Monday, March 8, 2010
Serial Sex Offender Admits Using Facebook To Rape And Murder Teen
Peter Chapman, a registered sex offender, was sentenced to life in prison for kidnapping, raping, and murdering Ashleigh Hall, 17, whom Chapman courted and lured to her death using Facebook.
Chapman was arrested in October 2009 for a minor traffic violation and later led police to the body of a girl, Hall, he had kidnapped, raped, and murdered just hours earlier. Police found Hall 'strangled and dumped in a farmer's field near Sedgefield, County Durham,' the Times Online reports.
According to the Telegraph, Chapman, 33, fooled the girl into thinking he was 'Peter Cartwright, or DJ Pete, a 17 year old labourer living in the Stockton on Tees area.'
The Telegraph goes on to report:
[His fake Facebook profile] attracted interest from 14,600 visitors, almost 3,000 becoming online "friends" and all of whom were females ranging from the age of 13 to 31.
He would then attempt to redirect them to private chatrooms where he would invite them to provide sexual explicit details.[sic][...]Chapman set up two profiles on the Netlog site and there were others on at least nine other sites when he was arrested for killing Ashleigh Hall.
Chapman has been investigated for six violent sexual crimes but convicted only twice.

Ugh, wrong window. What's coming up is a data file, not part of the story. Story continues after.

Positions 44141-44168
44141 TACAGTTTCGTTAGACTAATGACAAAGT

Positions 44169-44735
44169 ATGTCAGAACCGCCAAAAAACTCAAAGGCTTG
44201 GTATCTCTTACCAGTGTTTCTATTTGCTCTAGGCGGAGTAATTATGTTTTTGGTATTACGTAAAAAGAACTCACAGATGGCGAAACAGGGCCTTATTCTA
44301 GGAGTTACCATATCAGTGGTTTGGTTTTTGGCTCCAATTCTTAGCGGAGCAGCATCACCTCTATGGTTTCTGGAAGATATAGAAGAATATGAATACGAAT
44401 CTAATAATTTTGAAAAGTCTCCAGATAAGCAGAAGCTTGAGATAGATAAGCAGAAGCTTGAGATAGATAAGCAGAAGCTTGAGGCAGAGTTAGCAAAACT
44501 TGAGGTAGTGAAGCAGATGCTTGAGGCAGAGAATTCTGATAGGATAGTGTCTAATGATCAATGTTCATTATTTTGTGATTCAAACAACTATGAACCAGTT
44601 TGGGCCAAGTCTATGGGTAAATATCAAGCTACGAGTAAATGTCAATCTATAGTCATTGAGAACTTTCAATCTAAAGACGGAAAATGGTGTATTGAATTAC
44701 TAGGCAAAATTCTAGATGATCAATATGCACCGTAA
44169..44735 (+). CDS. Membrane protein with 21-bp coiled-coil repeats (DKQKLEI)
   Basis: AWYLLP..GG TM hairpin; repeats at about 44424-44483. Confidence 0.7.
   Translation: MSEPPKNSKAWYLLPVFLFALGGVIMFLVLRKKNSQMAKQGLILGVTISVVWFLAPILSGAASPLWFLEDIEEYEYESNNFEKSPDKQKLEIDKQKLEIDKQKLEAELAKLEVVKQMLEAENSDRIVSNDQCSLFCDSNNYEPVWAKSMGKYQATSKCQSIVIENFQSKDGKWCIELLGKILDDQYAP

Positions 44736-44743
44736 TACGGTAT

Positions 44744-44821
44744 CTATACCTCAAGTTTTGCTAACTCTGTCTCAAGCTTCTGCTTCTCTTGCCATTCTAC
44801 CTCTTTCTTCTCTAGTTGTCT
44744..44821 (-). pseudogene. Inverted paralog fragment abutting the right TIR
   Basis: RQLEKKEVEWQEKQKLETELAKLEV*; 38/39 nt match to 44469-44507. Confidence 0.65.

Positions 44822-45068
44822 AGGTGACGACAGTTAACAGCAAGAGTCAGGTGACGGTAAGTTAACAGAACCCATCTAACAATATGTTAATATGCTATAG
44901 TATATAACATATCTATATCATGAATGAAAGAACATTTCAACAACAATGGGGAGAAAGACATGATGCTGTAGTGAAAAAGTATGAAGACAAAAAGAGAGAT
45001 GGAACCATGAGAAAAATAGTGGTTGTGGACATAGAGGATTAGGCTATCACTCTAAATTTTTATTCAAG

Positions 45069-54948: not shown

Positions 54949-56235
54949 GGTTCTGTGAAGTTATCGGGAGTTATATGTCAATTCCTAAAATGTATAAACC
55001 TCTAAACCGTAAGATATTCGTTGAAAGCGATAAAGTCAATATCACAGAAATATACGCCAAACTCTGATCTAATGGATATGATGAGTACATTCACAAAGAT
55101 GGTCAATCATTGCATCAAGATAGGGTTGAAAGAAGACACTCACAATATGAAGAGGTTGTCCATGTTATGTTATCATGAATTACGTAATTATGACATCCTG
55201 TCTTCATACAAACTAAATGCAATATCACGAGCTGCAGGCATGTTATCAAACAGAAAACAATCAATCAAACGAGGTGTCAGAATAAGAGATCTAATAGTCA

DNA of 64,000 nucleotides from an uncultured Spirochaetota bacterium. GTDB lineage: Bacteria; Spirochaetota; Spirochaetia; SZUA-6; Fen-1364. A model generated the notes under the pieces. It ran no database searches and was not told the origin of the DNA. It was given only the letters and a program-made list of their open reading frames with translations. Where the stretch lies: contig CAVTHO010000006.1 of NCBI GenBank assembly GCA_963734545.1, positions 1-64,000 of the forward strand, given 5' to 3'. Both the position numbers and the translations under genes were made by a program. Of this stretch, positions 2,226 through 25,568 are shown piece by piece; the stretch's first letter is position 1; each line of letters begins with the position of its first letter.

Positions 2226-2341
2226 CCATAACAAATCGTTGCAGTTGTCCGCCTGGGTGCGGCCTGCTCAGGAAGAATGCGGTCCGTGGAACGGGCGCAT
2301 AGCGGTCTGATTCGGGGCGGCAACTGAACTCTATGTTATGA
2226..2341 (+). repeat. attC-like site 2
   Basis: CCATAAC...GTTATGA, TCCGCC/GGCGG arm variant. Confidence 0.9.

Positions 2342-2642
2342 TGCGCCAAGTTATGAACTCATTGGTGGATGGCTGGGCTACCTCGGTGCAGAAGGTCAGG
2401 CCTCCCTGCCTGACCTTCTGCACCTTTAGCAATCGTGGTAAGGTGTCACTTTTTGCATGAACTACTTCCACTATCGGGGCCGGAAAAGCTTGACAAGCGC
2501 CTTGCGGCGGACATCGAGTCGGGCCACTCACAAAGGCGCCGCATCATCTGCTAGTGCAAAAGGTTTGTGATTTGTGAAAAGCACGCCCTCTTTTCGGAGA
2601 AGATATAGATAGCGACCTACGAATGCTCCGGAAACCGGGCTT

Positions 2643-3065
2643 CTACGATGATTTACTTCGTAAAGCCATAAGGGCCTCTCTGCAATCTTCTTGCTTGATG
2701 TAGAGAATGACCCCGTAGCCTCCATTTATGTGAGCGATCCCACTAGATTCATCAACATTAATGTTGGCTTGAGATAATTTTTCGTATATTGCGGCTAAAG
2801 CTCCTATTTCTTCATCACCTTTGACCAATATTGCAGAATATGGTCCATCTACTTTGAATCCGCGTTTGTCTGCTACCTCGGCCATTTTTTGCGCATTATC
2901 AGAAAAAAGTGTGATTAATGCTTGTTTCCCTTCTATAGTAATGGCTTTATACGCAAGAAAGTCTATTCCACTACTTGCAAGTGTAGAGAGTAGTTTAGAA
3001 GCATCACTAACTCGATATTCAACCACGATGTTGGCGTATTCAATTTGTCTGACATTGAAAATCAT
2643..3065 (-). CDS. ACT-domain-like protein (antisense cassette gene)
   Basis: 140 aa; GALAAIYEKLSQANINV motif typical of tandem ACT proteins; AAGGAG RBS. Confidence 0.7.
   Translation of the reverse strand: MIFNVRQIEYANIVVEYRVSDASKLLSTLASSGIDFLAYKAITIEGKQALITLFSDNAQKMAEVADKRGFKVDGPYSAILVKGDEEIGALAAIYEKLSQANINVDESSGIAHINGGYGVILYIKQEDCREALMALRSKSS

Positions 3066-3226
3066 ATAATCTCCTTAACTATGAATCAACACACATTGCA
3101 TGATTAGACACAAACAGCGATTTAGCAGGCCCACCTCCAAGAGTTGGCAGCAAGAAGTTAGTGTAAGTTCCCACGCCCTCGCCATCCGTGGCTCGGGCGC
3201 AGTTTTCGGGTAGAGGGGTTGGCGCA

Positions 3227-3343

In 1992, at the age of 15, he was investigated for and, four years later, accused of raping a girl he had befriended. The victim became pregnant, but the charges were dropped.
Four years later, Chapman was accused of assaulting two teenaged prostitutes. He was sentenced to seven years' imprisonment, released in 2001, and arrested again in 2002 for the kidnap and rape of an Ellesmere Port prostitute. The latter case was discontinued.
A UK judge ruled that Chapman must spend at least 35 years in prison before being eligible for release.
Despite Facebook's attempts to safeguard its users from sexual predators, tens of thousands of registered sex offenders have been able to slip through the cracks in security. In 2009, both Facebook and MySpace cracked down on potential predators, but in doing so, they also revealed the weaknesses in their defense measures. huffingtonpost.com